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Almond Grower Newsletter – May 10, 2009

2009 Pollination Prices
Our 2010 bee rental prices for almonds are $10/colony lower than in 2009 (see enclosed price schedule). This is the first time we have lowered prices since we have been in business.
The Great Bee Glut of 2009 (! or ?)
When February rolled around this year there appeared to be plenty of bees around and as the month progressed, growers were offered bees at bargain prices, some as low as $100. The combination of more bees (due to less loss) and less demand (due to acreage reduction and growers cutting back on colonies/acre) left some beekeepers out in the cold. In recent years, beekeepers weren’t concerned about committing to almond growers until December since the demand and rental price usually increased during the winter months; by waiting until the last minute to commit their bees, beekeepers not only got a higher price, but less scrutiny by growers on colony strength.

The “waiting game” played by many beekeepers backfired this past season. Beekeepers without a written agreement found themselves hammered by growers on both price and colony strength. As happens every year, many, many bee colonies of sub-standard strength (less than 8 frames) are rented to almond growers. Beekeepers with such colonies this year found few growers that would accept such colonies. Those that did, had them inspected and either told the beekeeper to remove the bees or make a drastic reduction in price.

Beekeepers that had coasted in past years finally got the message: if you want to get top-dollar for your bees, you better make sure you provide strong colonies.

All the strong colonies of bees got placed in almonds this year; colonies that didn’t get placed were invariably of sub-par strength. These beekeepers now have to make a decision: do I want to invest the time in money to provide strong colonies or should I stay home in 2010?
Providing Strong Colonies – What it Takes
Providing strong colonies for almonds requires close attention to 3 management entities:

1. Control of varroa mites
2. Control of nosema fungus
3. Supplemental fall-winter feeding

Most beekeepers have a good handle on the first 2 items; they have to in order to stay in business. It is in the 3rd item that many fall down. Colonies will survive the winter without supplemental feeding but they won’t be of 8-frame strength for almonds.

A recent study gave $178/colony as the average annual hive maintenance cost. Add $30 to $40 per colony if extra supplemental feeding is needed and beekeepers will think a long time before spending money on such a program. Many feel they will be underbid on an almond pollination contract by a beekeeper that doesn’t invest in supplemental feeding. Beekeepers providing strong almond colonies are also faced with a feeding bill after almond bloom until the next natural nectar source (usually citrus) comes on.
2010 Bee Supply
2 scenarios:
1, Because honey prices remain good, many beekeepers, especially those that got shut out of almonds this year,
will stay home rather than bring their bees to almonds. A short bee supply will drive up prices.

2. Beekeepers that got shut out of almonds this year will make strenuous efforts to get their bees placed in 2010.
The bee supply will be ample and prices will drop.

I have no idea which scenario will transpire. I do believe that most beekeepers will make every effort to get almond commitments early and not play the “waiting game” as many have in the past.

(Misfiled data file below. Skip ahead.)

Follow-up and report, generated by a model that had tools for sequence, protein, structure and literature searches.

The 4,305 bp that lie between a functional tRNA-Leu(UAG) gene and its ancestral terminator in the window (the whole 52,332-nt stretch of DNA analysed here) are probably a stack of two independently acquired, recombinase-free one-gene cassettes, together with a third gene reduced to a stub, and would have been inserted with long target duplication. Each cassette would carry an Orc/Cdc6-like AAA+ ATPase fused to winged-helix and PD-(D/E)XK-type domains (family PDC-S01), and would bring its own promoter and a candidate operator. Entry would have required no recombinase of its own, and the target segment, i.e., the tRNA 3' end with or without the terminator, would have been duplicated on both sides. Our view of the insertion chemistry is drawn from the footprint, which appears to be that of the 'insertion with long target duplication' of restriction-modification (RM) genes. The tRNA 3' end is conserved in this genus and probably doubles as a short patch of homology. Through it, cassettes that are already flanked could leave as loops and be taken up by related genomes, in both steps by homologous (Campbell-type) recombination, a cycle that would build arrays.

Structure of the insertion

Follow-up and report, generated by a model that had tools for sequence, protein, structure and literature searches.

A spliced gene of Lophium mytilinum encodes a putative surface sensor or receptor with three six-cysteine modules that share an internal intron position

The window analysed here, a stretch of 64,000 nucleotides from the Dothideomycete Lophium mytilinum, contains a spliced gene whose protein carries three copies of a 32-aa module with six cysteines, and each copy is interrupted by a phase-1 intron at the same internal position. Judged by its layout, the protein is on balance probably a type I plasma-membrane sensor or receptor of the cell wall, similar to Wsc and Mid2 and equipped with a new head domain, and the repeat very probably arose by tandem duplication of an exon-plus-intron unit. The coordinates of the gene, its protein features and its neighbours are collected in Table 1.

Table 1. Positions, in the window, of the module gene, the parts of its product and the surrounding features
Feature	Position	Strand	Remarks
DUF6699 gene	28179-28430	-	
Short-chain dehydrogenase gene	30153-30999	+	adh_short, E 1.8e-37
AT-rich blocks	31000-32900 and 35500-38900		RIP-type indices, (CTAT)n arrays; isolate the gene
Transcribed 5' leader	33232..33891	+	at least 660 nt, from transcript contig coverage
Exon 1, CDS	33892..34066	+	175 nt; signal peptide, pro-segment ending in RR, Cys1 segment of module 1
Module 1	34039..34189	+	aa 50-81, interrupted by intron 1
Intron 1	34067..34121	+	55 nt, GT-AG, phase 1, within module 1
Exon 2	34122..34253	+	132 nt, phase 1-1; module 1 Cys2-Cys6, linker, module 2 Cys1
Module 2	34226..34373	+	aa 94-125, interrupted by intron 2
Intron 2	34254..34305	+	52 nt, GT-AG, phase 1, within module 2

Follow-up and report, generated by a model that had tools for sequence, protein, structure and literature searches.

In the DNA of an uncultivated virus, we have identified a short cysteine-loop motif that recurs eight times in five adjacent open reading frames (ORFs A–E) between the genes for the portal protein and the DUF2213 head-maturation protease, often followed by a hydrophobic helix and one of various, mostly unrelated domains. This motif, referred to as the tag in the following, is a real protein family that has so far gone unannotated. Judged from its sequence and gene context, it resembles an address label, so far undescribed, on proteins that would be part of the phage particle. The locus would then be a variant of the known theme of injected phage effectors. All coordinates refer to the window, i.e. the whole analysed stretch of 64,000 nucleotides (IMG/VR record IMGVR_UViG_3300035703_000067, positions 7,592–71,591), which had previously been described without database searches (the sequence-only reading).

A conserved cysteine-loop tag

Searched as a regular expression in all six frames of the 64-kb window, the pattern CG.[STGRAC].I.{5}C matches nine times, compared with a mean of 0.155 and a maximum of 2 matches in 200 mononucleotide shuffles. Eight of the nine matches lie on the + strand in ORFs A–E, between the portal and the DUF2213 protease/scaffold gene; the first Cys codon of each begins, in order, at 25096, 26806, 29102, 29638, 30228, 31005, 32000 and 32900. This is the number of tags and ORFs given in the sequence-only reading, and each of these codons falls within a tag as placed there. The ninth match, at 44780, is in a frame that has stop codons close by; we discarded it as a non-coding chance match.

Enforcing our Standards
As you are aware, we inspect your colonies as soon as possible after they hit the ground, often on the day of delivery. We do this so we can make up any shortfall in ample time so that you get your full complement of strong colonies at bloom time. Also, to protect ourselves (and you) from a beekeeper’s claiming “they were good when I put them in” should we delay inspecting colonies in a timely manner.

Some beekeepers have called us “ruthless” when it comes to inspecting colonies, and many refuse to work with us because of our rigid quality controls. The main limitation on our service is not in securing growers but in securing beekeepers. Most beekeepers call us “tough, but fair” and we are proud of the contingent of beekeepers that work with us. They are among the best out there.

In all the years we have been in business we have never been sued by a beekeeper based on our inspections (we have been threatened with suits on several occasions).

This year, one of our former growers secured his own bees, was unhappy with them, and got replacement bees. The first beekeeper got his colonies inspected on his own and is now suing the grower. The dispute will likely wind up in court with the lawyers on both sides the only winners.
Timing of Inspections
Some growers, encouraged by their beekeepers, delay colony-strength inspections until full bloom or petal fall. Colonies will increase in strength by 20% (by 2 to 4 frames) from the start of bloom to the end of bloom. The natural feeding supplied by almond pollen triggers this increase in colony strength.

You will notice on the accompanying price schedule that we have 2 prices for 8-frame colonies, one for 8-frames at the start of bloom (the colonies you have been getting and will continue to get) and for 8-frame colonies at the end of bloom (same price as for 6-frame bees at the start of bloom).
Cutting Costs
With low almond prices, growers are looking to cut production costs any way they can and bee rental costs stick out like a sore thumb. Attempting to cut that thumb by cutting rental prices could result in blood being spilled on your final tally sheet in the form of red ink from disappointing yields (sorry, that metaphor started with good intentions, but wound up in the ditch). Putting paramount importance on price per colony might win you bragging rights at the local coffee shop but that victory could be a hollow one when crop yields are tallied.

Beekeepers are a savvy bunch. Put downward pressure on prices and their response is foretold: they will cut back on supplemental fall-winter feeding and hope that the bees will meet the contract standard. When you have looked at your bees with us, you have noticed that they almost always run 10 to 12+ frames rather than the 8 frames in our agreement. We keep our agreement at 8 frames in case of unforeseen problems in a given year, but even in this age of CCD we still deliver bees in excess of 8 frames.